If It Ain't Broke Don't Fix It – Meaning, Origin and Usage

Are you looking for a way to tell a person to stop interfering with a process providing the results you want? If so, you could tell them, “if it ain’t broke, don’t fix it, to ask them to leave it alone. This post unpacks the meaning and origin of this expression.


The expression “if it ain’t broke, don’t fix it” means that if something is working and producing the required results, don’t tinker with it. Adjusting things when they’re working well can spell disaster by changing the process.

The phrase means that there is no need to constantly look for improvement when you are doing well. Instead, you should focus on what’s working well and ride the momentum to the upside. When you use “if it ain’t broke, don’t fix it,” you’re telling someone not to change their strategy or risk derailing their efforts thus far. Why ruin a good thing?

Example Usage

“We have a good thing going here, guys. Let’s not reinvent the wheel. If it ain’t broke, don’t fix it, and we need to keep things as they are.”

“You know what they say, if it ain’t broke, don’t fix it, leave that thing alone there, sonny, before you ruin everything for everyone.”

“Didn’t anyone ever tell you if it ain’t broke, don’t fix it?” What do you think will happen if you keep playing around with this. If you start changing the experience, everyone will get mad.”

“Why should we change the formulation of a medication that’s been working for the last four decades? If it ain’t broke, don’t fix it, that’s what I have to say about it.”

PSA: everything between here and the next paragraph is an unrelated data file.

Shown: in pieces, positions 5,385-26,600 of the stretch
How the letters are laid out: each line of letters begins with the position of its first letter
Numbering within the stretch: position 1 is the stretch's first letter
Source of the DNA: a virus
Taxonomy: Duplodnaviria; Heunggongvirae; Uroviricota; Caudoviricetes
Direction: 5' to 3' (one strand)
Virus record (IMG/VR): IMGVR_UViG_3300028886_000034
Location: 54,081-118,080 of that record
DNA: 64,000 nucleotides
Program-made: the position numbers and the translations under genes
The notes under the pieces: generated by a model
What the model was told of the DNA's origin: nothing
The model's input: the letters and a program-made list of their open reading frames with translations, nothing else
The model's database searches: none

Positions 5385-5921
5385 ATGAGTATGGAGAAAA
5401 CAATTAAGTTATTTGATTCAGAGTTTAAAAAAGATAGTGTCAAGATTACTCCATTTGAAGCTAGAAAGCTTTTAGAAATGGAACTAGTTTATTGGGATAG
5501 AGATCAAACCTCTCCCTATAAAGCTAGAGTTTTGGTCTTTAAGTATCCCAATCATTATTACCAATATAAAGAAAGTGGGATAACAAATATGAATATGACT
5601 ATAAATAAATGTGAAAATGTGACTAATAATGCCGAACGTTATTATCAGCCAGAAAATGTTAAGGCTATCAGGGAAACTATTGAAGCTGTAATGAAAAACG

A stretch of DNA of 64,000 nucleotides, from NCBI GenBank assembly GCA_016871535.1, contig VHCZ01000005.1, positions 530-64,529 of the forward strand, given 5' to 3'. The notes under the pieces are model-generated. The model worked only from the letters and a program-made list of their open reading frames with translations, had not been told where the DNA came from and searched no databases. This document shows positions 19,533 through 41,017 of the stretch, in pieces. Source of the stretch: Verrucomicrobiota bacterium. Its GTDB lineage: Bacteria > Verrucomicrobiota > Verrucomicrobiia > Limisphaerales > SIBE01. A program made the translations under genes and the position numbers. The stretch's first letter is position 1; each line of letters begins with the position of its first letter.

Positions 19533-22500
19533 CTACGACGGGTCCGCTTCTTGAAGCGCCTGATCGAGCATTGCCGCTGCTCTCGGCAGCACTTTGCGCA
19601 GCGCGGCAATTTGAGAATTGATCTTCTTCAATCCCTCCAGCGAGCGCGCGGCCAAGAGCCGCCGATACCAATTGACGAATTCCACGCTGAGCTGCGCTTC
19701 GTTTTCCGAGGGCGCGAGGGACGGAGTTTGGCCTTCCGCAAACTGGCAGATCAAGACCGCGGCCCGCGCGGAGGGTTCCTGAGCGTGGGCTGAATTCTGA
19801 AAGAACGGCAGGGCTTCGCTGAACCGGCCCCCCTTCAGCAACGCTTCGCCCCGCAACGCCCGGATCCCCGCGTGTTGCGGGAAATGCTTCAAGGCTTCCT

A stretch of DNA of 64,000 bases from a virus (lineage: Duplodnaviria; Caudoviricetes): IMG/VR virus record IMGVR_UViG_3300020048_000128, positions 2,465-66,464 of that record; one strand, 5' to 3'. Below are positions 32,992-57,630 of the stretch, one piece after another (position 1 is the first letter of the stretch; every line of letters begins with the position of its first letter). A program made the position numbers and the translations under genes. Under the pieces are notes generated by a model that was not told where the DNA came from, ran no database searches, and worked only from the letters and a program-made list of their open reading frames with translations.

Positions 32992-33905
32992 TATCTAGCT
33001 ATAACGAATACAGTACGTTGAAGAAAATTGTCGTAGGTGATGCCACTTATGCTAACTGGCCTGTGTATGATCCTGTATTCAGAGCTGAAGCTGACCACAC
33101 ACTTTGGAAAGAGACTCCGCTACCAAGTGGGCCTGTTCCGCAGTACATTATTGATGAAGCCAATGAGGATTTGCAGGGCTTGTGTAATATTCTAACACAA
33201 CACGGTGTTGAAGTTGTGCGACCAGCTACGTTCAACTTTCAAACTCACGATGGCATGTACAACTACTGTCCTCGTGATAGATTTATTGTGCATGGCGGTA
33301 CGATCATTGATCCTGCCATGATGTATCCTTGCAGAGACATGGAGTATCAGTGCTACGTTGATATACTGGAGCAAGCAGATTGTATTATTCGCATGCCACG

“We have no idea what will happen if we make those changes. It could dump the whole business out of this amazing bull run and ruin our progress. If it ain’t broke, don’t fix it.”


The expression "if it ain't broke, don't fix it" originates from the writings of Thomas Bertram Lance. Lance was the Director of the Office of Management and Budget in the Jimmy Carter administration in 1977. The newsletter of the US Chamber of Commerce, Nation's Business, quoted Lance as saying the following in May 1977.

Bert Lance believes he can save Uncle Sam billions if he can get the government to adopt a simple motto: "If it ain't broke, don't fix it."

However, while Lance gets the credit for popularizing the expression, its origin goes back to a colloquial saying from the southern states. The Texas newspaper, "The Big Spring Herald," published the following in an article in December 1976.

"We would agree with the old Georgia farmer who said his basic principle was 'If it ain't broke, don't fix it.'"

Phrases Similar to If it ain't broke don't Fix It

  • Let sleeping dogs lie.
  • Don’t tempt the tiger.

Phrases Opposite to If it ain't broke don't Fix It

  • We need an intervention.
  • Preventative maintenance.

What is the Correct Saying?

  • If it ain’t broke don’t fix it.

Ways People May Say If it ain't broke don't Fix It Incorrectly

The saying has nothing to do with fixing things. It's a way of telling someone that they need to leave things alone and let them work themselves out. Using the phrase to describe the need to fix something is incorrect.

Acceptable Ways to Phrase If it ain't broke don't Fix It

You can use the phrase, "if it ain't broke, don't fix it," when you're trying to tell someone to leave things alone. When things are going well, you don't want them tinkering with the process bringing you success. The phrase suits use in social and professional settings.

At work, you can use it to tell a friend to stop tweaking the sales funnel in the CRM because it might decrease your conversion rate. At home, you could use it to tell your partner not to change a recipe because it will alter the flavor.

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